“Best Comedy/Novelty Song” – Just Plain Folks Music Awards
“Christmas Single of the Year” – Cashbox magazine
“Best Comedy Song” – Music City Song Festival
“Best Humorous Song” – Posi Music Awards
“Most Uniting Song” – Posi Music Awards
“Best Male Vocalist in Kansas City” – Squire Newspapers
Greg has been known to gear his shows to just about any audience, and has four different bios on his website to use for those audiences (who knows maybe this can become number five, even though I pulled this information for all of the four and then added some of my own knowledge); however, there is one thing in common in all of them–somebody, or most bodies are going to laugh. Greg still plays small, intimate house concerts and has had audiences as large and diverse as the Department of Defense. He still returns to Nashville to facilitate workshops.
When Greg spoke at a wellness conference at Duke University Medical Center many years ago, his counterparts had Ph.D. and M.D. written after their name. The initials after Greg’s name were N.C.W., standing for “No Credentials Whatsoever.” However, Greg is now filled with the credentials of experiencing life which is from where many of his songs are created. He still is known to use those initials to remind the general public that we all are capable of being somebody even when we don’t have the structured credentials of others around us.
Greg has a knack for telling funny stories and singing silly songs. He even takes some of the everyday crazy things in this world and turns them into humor.
Greg was one of the first four Posi (positive and then called New Thought) musicians I ever met in person. They were called New Thought because they had and have a different way of looking at the world. They look at it from the good, the possible, the awe instead of from the doom and gloom or negativity of foul attitude that so much other music does. I discovered quickly that getting out of a concert of Greg’s trying to not laugh was a futile effort. I am sure that even most stubborn person or person who “never shows emotion” who walks in the door of one of his concerts concert will at the very minimum crack a smile at least once and more likely will end up being the one who laughs the most.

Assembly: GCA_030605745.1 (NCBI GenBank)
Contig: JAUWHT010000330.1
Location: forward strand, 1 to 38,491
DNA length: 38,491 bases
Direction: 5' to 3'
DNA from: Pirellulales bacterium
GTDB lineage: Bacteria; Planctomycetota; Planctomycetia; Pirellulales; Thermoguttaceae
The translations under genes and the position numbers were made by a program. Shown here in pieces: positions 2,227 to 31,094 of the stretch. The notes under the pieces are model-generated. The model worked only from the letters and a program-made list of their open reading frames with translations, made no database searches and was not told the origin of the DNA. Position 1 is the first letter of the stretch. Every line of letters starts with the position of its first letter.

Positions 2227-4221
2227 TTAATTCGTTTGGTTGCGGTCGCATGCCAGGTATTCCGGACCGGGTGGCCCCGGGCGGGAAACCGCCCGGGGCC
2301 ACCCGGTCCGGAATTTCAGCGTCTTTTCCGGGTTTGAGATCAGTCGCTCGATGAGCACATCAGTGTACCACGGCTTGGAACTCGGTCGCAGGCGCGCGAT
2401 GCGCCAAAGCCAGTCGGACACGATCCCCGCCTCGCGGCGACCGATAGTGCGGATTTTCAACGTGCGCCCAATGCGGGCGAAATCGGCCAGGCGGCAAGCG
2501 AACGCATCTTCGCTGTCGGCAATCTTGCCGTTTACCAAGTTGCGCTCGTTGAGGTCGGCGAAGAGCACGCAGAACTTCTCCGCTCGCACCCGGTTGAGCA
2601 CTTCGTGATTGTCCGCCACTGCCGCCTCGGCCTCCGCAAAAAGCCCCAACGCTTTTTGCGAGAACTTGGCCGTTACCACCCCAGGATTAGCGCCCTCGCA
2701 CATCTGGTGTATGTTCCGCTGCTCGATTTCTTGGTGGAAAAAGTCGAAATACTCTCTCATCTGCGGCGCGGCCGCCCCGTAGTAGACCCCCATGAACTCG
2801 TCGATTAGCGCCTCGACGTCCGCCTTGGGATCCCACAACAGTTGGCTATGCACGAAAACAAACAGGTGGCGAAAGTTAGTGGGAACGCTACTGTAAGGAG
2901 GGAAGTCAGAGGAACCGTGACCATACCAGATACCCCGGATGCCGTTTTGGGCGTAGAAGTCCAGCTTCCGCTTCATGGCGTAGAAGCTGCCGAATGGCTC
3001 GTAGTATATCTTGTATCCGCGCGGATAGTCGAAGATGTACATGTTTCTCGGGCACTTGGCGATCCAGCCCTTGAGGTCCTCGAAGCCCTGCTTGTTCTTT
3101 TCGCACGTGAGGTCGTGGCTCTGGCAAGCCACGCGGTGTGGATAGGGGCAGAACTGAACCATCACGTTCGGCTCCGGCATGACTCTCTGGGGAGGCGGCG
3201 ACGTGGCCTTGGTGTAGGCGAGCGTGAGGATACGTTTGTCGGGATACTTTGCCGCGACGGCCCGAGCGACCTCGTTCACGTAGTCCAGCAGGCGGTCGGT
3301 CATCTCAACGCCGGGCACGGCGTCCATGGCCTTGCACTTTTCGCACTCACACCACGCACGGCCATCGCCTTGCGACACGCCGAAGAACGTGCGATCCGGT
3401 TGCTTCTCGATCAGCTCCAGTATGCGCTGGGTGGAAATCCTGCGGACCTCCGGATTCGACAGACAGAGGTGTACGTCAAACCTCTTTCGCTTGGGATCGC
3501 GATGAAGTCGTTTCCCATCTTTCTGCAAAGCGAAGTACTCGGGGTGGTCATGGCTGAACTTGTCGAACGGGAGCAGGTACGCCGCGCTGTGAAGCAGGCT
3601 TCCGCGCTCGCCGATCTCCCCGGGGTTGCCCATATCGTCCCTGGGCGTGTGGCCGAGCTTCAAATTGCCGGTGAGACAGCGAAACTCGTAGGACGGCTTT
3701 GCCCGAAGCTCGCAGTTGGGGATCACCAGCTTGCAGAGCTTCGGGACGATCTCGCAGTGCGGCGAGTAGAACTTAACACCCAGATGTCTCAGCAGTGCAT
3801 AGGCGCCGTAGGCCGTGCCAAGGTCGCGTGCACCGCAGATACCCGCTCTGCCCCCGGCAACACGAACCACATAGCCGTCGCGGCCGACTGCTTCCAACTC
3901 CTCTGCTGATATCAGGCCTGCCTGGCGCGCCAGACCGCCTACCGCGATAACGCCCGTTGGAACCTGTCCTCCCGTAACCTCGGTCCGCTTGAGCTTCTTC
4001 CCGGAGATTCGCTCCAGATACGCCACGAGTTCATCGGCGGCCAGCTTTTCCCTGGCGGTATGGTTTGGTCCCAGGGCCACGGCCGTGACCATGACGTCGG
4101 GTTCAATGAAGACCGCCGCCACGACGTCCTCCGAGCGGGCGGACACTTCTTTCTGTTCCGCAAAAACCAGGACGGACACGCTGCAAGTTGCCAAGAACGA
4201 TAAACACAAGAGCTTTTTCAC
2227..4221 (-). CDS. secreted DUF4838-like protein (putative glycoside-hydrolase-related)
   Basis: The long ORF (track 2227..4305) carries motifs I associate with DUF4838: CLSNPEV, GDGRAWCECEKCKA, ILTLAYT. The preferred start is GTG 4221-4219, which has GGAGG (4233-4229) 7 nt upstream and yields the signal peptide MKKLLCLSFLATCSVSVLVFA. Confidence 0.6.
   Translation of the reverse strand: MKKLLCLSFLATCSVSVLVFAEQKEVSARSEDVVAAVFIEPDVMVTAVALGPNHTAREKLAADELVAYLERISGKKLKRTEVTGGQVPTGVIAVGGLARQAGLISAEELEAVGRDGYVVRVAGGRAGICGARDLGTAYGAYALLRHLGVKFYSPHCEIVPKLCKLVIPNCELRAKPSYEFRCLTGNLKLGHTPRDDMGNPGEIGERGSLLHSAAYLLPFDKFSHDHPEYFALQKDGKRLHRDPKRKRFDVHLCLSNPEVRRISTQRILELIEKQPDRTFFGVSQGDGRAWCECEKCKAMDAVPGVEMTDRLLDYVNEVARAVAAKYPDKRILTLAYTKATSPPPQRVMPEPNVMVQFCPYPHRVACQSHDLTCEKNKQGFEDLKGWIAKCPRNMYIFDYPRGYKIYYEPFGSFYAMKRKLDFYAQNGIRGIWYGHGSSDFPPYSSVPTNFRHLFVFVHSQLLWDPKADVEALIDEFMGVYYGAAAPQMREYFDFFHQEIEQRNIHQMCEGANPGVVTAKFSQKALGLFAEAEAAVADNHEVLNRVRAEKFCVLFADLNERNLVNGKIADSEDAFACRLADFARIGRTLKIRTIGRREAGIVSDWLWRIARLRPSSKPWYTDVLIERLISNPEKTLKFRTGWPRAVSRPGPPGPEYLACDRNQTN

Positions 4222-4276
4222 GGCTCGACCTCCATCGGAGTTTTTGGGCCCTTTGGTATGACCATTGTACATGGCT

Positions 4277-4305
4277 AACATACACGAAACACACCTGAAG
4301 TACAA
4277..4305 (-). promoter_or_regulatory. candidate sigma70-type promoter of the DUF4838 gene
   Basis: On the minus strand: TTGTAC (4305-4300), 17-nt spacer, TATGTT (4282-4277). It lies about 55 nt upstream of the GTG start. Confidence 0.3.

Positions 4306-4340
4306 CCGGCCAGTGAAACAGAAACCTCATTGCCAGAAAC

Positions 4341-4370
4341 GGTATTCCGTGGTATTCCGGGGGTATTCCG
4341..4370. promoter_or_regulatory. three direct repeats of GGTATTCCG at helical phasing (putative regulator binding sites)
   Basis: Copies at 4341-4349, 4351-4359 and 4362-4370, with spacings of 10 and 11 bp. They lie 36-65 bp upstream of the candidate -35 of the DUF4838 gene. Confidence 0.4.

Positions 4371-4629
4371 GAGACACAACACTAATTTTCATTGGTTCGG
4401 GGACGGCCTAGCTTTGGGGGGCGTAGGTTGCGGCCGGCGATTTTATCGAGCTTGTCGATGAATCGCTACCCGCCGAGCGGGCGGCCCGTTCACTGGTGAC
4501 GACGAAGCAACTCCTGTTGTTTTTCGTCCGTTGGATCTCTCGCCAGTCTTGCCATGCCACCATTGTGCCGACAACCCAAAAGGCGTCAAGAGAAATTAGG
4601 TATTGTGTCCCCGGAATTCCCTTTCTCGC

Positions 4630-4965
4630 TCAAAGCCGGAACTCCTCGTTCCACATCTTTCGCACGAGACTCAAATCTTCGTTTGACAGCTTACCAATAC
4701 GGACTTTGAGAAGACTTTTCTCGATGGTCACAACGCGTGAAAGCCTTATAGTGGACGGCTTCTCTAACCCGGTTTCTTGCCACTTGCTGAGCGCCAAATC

Greg does not just spread his humor on the stage, he also is a frequent contributor to The Funny Times humor magazine. He has seven CDs of original music, a book and a t-shirt to his creative credit. He also has been featured in the books “Stressed Desserts Spelled Backwards” by Brian Luke Seaward, “Shelter for the Spirit” by Victoria Moran, and “Art and Soul” by Pam Grout. Good luck trying to catch him boasting because it won’t happen; he is a very humble and down-to-earth (well, sometimes down-to-earth and other times flying on the joys of life) person.
Oh yeah, back to the “analog brain in a digital world” part. Greg does use technology. His website at http://GregTamblyn.com and he does have an email list. He also is on Facebook. His most recent use of the technology is compile his “Top Ten Whiny Victim Love Songs” for which he asked his fan base to make suggestions. This song can be viewed on YouTube at http://www.youtube.com/watch?v=7coMJfzAyUA&feature=watch-vrec.
Lest you thing Greg only can do funny songs, I will tell you that is not true. One of his songs is one of the most serious and powerful songs that I have heard in my entire life. That song is called “One Day on the Field of France” and can be heard on YouTube at http://www.youtube.com/watch?v=Wuh6Y4xxWCI.
Now, if this is all too heavy for you, go to Greg’s site and check out his “exotic bio.” It could be accurate or it could be like his songs–just enough of the truth to believe them and just enough of the humor wo raise eyebrows.
November is National Native American Month, yet we don’t hear much about it. As we gather in the United States to give thanks for those who came over from England to settle and make a new home in this country, we must also remember those who were here even before that.